Equally I am not perfect - when I go to London the homeless people on the streets fill me with despair there are so many of them. So I do nothing. Sometimes if I see a woman I'll buy them a drink, but most times I walk on by.

In my home town I buy the Big Issue from the lady on the street and I may see a couple of the local drug addicts down an alleyway, but my own self preservation kicks in. I know this is going a risk too far, yet it's likely they would not harm me. 

So how does this relate to the Gillette advert. The ad is asking more men to step up and intervene when they see bullying, when they see harassment etc. And it's a lovely intention but I actually think that both men and women need to do this. But I understand why they will not. As a woman when a group of men is harassing a teenage girl do you intervene? Or do you think of your own safety? If you intervene are you interfering? If you don't are you allowing it to happen? For men do you intervene and risk being stabbed or attacked? Or risk being accused of being involved? What is the correct action?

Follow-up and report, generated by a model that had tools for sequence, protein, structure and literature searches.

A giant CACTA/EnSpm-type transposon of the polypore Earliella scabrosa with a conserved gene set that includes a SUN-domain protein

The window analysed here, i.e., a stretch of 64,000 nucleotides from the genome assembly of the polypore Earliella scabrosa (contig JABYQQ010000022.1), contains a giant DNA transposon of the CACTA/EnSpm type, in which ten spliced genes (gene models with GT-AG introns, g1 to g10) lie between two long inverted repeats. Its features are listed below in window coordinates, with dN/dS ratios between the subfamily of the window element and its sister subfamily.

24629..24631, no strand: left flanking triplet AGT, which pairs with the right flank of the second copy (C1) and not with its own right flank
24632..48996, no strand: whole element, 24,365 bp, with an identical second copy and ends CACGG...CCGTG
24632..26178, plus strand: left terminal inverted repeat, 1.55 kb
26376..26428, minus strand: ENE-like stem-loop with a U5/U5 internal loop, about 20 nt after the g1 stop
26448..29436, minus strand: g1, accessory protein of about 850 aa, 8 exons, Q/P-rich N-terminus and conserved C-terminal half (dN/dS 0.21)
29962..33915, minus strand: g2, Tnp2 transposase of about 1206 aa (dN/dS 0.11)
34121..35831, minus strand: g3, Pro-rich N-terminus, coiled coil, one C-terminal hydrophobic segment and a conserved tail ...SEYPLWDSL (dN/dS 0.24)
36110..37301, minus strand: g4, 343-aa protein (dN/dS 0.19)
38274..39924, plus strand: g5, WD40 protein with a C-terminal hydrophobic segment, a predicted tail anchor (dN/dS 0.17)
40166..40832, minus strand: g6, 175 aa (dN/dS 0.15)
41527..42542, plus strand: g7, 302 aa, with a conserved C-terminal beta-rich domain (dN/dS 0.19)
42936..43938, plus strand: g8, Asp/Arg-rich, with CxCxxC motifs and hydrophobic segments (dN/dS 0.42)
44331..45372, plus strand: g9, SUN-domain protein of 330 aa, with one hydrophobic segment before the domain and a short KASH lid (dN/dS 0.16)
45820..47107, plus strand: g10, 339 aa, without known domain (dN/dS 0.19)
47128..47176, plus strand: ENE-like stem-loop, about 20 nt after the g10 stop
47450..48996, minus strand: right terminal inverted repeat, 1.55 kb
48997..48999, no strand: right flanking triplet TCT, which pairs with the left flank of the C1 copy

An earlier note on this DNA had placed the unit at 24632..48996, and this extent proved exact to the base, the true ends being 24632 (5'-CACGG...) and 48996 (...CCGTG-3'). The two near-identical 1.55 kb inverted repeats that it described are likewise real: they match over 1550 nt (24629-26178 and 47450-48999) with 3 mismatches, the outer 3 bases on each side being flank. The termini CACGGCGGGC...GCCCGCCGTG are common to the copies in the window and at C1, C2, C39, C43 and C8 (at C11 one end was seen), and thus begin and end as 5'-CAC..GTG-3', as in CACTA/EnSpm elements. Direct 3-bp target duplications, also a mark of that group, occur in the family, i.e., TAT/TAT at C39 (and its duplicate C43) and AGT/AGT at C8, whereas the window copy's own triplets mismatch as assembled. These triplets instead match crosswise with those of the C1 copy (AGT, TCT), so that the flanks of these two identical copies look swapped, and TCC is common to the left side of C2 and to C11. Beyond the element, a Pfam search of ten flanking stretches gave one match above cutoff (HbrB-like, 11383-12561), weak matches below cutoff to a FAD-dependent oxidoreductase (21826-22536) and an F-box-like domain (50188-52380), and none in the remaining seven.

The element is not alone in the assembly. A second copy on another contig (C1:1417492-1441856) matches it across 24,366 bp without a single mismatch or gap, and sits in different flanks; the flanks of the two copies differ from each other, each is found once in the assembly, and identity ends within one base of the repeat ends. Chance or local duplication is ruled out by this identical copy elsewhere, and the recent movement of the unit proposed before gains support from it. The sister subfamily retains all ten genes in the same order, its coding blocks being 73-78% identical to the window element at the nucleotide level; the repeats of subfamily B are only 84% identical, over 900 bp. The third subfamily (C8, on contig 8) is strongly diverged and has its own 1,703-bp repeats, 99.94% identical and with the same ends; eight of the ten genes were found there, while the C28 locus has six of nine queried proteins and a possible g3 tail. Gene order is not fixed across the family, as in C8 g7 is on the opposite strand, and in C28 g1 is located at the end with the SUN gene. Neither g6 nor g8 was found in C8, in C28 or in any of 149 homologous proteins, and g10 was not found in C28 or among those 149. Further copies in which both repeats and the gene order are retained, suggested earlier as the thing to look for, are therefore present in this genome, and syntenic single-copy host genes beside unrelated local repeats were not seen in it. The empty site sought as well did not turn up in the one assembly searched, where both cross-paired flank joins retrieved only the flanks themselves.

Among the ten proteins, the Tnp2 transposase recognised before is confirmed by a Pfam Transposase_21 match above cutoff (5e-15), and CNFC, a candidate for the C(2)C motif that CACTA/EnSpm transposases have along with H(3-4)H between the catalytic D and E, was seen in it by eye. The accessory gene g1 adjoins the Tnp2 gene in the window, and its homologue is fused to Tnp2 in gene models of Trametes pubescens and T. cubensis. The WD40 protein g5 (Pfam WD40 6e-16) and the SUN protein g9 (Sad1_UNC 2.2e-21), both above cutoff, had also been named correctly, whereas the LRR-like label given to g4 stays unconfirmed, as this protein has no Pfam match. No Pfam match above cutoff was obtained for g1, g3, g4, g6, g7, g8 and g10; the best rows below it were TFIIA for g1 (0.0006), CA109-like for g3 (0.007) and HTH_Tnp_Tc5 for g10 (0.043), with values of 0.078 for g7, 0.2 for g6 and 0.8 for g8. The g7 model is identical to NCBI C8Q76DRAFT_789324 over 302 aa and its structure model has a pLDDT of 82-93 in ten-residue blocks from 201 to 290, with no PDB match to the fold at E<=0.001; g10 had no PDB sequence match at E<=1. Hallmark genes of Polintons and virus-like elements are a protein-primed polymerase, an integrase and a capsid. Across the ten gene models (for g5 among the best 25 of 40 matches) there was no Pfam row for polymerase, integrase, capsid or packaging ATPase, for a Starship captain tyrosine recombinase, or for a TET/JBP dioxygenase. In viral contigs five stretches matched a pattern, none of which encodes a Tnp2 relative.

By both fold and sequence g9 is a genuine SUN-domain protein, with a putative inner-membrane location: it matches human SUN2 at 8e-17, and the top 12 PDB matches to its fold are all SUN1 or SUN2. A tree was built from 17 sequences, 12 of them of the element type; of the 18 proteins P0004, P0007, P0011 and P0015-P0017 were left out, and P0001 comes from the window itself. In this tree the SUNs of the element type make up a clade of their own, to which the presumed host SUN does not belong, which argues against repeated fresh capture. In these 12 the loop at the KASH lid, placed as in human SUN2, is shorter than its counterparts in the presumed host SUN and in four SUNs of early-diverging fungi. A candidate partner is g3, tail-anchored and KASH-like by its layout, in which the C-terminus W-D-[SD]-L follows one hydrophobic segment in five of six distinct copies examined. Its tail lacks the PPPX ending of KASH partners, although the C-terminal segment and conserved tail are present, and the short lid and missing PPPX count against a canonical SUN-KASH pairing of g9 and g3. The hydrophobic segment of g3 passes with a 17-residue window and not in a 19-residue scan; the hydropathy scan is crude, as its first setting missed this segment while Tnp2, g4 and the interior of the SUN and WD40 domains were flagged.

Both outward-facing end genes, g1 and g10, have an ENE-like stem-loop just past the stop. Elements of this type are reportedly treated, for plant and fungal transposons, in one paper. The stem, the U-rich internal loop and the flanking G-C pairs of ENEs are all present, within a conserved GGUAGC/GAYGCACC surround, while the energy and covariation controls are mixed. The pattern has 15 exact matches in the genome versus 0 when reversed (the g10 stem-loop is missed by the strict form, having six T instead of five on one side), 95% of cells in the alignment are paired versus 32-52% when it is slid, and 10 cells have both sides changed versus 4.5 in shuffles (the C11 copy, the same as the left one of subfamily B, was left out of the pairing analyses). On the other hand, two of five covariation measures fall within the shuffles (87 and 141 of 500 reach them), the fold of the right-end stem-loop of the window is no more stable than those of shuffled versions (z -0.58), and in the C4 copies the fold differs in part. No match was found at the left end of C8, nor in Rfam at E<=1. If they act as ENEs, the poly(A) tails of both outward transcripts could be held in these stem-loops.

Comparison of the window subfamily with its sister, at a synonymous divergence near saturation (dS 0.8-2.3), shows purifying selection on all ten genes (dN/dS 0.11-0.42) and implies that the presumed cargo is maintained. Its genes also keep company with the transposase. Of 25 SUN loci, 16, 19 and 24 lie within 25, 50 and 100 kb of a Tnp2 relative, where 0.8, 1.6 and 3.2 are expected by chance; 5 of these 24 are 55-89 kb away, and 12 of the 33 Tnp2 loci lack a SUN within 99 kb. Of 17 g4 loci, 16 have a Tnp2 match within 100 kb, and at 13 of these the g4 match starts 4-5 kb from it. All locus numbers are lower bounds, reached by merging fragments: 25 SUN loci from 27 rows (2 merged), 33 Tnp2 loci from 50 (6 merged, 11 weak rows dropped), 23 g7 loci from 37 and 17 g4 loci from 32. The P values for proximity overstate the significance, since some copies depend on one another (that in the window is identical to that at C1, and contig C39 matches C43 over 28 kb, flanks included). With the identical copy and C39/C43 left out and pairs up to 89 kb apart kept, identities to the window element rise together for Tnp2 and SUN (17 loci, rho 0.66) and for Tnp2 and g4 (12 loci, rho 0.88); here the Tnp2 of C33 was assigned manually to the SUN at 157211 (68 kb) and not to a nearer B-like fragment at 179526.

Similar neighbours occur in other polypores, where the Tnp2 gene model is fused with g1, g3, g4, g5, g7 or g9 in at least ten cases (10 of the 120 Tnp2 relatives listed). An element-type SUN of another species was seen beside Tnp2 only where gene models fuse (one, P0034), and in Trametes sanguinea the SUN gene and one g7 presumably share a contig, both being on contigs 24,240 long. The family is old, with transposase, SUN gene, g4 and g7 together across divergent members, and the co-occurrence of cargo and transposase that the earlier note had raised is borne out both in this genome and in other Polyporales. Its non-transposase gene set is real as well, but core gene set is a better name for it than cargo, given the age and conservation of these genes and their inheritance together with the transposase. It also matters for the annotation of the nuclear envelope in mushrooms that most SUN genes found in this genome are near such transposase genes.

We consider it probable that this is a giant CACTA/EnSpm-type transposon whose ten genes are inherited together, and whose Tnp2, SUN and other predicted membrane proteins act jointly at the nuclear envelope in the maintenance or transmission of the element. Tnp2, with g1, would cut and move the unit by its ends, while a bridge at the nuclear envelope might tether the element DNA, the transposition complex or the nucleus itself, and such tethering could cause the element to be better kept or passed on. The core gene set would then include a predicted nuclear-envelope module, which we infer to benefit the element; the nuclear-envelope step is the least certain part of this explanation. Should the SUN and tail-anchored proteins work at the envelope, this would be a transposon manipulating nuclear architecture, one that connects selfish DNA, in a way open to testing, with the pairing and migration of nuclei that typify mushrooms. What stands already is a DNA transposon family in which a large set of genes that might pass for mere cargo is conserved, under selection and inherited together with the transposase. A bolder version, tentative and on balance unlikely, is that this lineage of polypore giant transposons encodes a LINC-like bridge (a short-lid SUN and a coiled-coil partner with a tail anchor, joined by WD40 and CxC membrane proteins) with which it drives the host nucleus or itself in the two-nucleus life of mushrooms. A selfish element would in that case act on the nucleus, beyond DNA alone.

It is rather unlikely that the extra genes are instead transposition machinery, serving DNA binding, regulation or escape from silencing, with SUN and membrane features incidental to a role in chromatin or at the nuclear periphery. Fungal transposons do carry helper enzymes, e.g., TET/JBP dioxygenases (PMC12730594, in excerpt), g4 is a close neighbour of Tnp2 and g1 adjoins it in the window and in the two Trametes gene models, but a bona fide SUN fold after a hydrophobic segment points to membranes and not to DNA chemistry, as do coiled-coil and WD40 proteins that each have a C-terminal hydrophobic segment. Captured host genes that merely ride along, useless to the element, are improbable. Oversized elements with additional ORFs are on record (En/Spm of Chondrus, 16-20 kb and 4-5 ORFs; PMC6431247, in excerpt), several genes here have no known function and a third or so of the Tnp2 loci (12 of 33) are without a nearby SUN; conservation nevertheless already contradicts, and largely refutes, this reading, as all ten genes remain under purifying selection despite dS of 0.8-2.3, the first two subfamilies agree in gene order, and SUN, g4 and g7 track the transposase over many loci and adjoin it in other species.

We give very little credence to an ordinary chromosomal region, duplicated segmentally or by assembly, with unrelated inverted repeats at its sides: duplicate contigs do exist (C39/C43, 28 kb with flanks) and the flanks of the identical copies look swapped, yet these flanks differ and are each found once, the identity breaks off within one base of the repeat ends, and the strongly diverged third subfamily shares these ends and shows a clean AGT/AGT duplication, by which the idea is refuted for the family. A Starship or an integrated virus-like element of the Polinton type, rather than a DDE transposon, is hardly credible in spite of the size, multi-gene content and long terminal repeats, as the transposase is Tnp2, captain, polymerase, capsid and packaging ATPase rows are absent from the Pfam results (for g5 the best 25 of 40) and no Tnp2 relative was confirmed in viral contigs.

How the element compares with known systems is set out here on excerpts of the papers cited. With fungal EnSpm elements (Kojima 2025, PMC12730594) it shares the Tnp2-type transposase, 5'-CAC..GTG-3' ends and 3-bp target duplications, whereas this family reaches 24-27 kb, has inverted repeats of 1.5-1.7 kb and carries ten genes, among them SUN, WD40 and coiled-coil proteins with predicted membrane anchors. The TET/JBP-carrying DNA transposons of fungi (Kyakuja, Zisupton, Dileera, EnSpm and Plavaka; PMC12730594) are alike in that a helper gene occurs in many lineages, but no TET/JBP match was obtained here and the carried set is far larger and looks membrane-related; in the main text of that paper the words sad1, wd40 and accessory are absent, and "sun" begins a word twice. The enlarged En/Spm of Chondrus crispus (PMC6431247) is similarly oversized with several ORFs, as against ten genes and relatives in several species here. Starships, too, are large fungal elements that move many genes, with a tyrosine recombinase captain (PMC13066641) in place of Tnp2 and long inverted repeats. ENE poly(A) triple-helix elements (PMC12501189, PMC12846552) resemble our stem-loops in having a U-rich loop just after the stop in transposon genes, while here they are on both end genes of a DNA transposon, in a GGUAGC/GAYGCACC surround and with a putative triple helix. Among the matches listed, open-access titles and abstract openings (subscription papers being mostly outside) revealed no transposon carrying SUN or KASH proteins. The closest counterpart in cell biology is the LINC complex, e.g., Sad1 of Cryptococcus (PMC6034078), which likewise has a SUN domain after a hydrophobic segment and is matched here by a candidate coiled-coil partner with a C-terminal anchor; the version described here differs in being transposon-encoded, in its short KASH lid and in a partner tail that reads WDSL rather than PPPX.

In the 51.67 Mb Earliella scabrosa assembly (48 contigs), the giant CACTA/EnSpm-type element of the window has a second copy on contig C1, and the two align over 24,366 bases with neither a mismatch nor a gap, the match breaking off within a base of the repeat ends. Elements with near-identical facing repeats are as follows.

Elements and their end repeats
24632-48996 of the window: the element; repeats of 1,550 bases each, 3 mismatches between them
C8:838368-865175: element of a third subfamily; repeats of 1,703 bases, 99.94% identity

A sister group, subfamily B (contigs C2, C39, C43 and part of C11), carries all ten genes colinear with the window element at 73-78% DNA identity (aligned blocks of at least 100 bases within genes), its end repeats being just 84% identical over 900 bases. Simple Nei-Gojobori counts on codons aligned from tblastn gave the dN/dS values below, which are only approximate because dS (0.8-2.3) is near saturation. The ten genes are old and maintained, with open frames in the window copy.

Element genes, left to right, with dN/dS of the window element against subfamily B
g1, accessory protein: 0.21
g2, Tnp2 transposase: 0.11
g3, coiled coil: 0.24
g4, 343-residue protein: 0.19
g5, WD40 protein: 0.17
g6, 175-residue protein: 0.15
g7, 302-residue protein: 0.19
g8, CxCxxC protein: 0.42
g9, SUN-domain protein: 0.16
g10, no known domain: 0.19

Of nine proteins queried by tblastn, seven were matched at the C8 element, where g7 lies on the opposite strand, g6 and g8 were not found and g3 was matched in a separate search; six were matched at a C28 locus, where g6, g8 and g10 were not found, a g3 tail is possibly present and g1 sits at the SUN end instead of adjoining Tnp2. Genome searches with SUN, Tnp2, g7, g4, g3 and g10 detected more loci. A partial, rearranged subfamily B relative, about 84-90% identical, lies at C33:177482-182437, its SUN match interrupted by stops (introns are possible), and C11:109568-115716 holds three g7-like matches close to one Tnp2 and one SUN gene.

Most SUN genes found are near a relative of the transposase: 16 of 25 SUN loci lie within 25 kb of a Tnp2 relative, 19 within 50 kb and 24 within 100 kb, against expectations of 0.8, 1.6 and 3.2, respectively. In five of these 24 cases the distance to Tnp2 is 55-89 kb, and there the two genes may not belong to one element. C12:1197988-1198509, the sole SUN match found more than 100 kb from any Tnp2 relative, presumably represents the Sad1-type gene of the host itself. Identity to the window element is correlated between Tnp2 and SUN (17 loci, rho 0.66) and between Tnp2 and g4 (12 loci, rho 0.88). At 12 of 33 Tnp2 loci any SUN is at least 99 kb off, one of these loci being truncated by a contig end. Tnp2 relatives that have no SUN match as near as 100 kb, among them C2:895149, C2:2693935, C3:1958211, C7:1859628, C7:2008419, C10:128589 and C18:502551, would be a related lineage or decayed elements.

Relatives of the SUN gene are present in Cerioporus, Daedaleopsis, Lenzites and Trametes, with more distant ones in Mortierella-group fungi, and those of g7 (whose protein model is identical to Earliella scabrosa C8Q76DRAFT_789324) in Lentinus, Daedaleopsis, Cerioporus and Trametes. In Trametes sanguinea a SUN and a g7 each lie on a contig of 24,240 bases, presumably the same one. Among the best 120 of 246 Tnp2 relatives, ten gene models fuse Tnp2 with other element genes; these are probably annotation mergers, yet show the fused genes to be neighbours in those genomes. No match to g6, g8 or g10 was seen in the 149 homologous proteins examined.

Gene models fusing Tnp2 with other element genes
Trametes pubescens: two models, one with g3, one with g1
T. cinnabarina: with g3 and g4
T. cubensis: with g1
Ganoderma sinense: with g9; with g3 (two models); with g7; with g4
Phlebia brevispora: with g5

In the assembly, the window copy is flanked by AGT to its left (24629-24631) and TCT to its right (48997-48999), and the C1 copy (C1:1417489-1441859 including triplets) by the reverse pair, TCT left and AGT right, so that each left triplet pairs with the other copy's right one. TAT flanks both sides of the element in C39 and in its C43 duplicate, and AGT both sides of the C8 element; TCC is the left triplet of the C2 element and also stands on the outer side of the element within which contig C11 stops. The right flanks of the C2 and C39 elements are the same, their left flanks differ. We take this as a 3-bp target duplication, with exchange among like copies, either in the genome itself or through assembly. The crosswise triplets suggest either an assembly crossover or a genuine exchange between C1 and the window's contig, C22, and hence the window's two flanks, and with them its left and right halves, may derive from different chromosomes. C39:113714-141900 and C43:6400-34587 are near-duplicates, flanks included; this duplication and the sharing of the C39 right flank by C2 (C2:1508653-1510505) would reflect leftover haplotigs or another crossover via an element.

There is no simple answer.

I know when I've been sexually assaulted or harrassed in the workplace and in public places that people have witnessed it, but although men stand by and watch it happen and do not come to my aid, woman don't either. Some of that on both sides is fear, and some is jealousy. 

Yes, you read that correctly, because as much as we talk about this, there is a topic we often don't talk about there are women out there who love the attention and want it, just like there are men too. Some may say no this cannot be true but I've seen it. I've been to events in the past with work colleagues, sometimes I'd be with a group of women, these were work event's and I'll be honest (and this is my prejudice) I really didn't think that the attire of some of the women was appropriate for such work event, even if it was in the evening. I remember once, one girl her skirt was so short it didn't actually cover her bottom and revealed her thong, she spent the whole event pulling it down. These were often highly ambitious women and it couldn't be more clear about how they wanted to get the attention of the male senior management team, the problem was, they brought the attention to every woman in the room.